"I don't think anybody's got anything for Harvick, considering we got our butt beat so bad last week, then we just got beat a little bit this week," said Kyle Busch after leading a race-high 128 laps at Phoenix.
While the talk of motivation from penalties makes a good theme, not all of Harvick's competitors bought into that vibe. Defending Cup champion Martin Truex Jr., whose team has at times felt the glare of NASCAR officials and garage whispers, said drivers don't need NASCAR penalties to motivate them.
"The feeling of winning and knowing what it takes and knowing how good it is and how hard it is, that's the motivation," Truex said. "Kevin and Rodney don't need motivation. Me and [crew chief] Cole [Pearn] don't need motivation."
But Harvick might be a little different. He seems to feed off the drama, especially at Phoenix, a place where he won in 2012 as news was breaking that he was going to leave Richard Childress Racing after the 2013 season and then won again in 2013 a couple of weeks after ripping Childress' grandkids at Martinsville.
Harvick indicated that Sunday's win gave him as much pleasure as winning a title at the end of the season. The championship certainly pays better and creates more lasting memories, but Harvick had that bullheaded attitude of not going to be denied.
"When you get into those playoff moments, you have all the guys, everybody looking at the race car, that determination of every last detail -- there's a lot going on in life in general, and it's hard to do that every week," Harvick said. "Our team is very good at setting those things aside for 10 weeks during the playoffs. It felt more important to win this week than it did to win a race at Homestead for a championship.
"It felt like that. Everybody felt it. You didn't really have to say anything. Those are the moments that you just love to live in and be a part of and succeed in. You can't even explain them unless you're a part of them, because they're just so rewarding."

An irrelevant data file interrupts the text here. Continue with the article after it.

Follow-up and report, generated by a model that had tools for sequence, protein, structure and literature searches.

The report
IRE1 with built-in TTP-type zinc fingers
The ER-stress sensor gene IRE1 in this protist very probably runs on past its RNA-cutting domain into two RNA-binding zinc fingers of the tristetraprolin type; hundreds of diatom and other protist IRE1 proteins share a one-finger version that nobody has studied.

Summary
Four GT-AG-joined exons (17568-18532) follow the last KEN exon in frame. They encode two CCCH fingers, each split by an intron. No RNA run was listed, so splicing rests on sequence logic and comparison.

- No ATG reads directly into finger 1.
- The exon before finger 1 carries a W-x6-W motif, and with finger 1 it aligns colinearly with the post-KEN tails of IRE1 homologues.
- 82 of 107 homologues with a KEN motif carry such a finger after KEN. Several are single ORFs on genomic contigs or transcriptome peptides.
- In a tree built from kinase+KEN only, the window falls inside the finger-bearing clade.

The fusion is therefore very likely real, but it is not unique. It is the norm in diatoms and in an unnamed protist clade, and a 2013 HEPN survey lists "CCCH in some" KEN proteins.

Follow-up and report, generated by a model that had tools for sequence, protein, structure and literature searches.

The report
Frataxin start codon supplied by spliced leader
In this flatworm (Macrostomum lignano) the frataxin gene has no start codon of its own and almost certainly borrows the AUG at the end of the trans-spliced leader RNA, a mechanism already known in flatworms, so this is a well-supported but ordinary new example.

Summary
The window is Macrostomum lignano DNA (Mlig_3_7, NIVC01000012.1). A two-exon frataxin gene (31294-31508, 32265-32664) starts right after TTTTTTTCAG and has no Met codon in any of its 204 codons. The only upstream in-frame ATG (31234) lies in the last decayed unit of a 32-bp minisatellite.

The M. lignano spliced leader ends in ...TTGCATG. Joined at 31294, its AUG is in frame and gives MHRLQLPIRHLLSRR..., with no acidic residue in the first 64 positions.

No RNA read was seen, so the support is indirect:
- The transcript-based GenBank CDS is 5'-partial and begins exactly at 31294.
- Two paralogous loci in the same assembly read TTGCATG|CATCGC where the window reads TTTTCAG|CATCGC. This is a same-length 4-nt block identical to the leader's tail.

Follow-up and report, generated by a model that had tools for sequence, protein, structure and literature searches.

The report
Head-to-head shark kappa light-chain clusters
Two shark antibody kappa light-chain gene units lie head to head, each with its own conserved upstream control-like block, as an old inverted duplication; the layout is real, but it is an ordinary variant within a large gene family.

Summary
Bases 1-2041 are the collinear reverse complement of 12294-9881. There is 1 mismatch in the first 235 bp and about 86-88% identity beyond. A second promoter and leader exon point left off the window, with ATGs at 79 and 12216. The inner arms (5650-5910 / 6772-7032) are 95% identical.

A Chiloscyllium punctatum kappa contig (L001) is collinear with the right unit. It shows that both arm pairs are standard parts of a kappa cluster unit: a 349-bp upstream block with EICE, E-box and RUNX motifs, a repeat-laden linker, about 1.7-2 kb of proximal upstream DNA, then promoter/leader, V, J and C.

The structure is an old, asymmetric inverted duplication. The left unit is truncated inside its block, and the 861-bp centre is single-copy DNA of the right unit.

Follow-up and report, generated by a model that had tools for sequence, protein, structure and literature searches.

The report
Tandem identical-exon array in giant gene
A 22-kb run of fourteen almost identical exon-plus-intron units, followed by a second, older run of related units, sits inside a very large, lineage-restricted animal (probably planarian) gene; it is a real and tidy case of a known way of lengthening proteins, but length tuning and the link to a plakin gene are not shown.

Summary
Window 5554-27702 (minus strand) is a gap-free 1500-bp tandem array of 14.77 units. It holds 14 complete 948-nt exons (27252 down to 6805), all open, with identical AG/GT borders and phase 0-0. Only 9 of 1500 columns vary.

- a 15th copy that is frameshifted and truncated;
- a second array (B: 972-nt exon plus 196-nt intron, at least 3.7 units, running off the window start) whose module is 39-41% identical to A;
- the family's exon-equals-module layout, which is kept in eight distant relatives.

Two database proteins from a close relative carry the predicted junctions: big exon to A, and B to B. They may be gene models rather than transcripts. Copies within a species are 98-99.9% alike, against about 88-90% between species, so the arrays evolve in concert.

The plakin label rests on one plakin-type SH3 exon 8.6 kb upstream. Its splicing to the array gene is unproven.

Stewart, known for having some moments in which the outside world influenced his motivation, obviously enjoys seeing this type of Harvick.
"When they get on a tear like this, you just kind of stand back and watch and enjoy the ride," Stewart said.
Stewart probably wouldn't have minded if Harvick had jumped on the rear decklid of his car in celebrating the win. Harvick had said Friday he would do that (it's very much frowned upon by NASCAR because it potentially could knock the car out of -- or in to -- compliance) if he won.
Instead, Harvick just stood on the window of the driver-side door and tapped the rear window.
"I didn't jump on the car, but I made it very clear to pat my window and thank it for doing its job this week," Harvick said.
Harvick clearly enjoyed the moment.
"Today, I'm happy. I'm proud to be a part of an organization and a team that is able to succeed and put all that stuff behind them," Harvick said.
"There's not many things that you can do to showcase character. When you showcase character and grit as a team, as a unit, that's more powerful than any of us being good at what we do."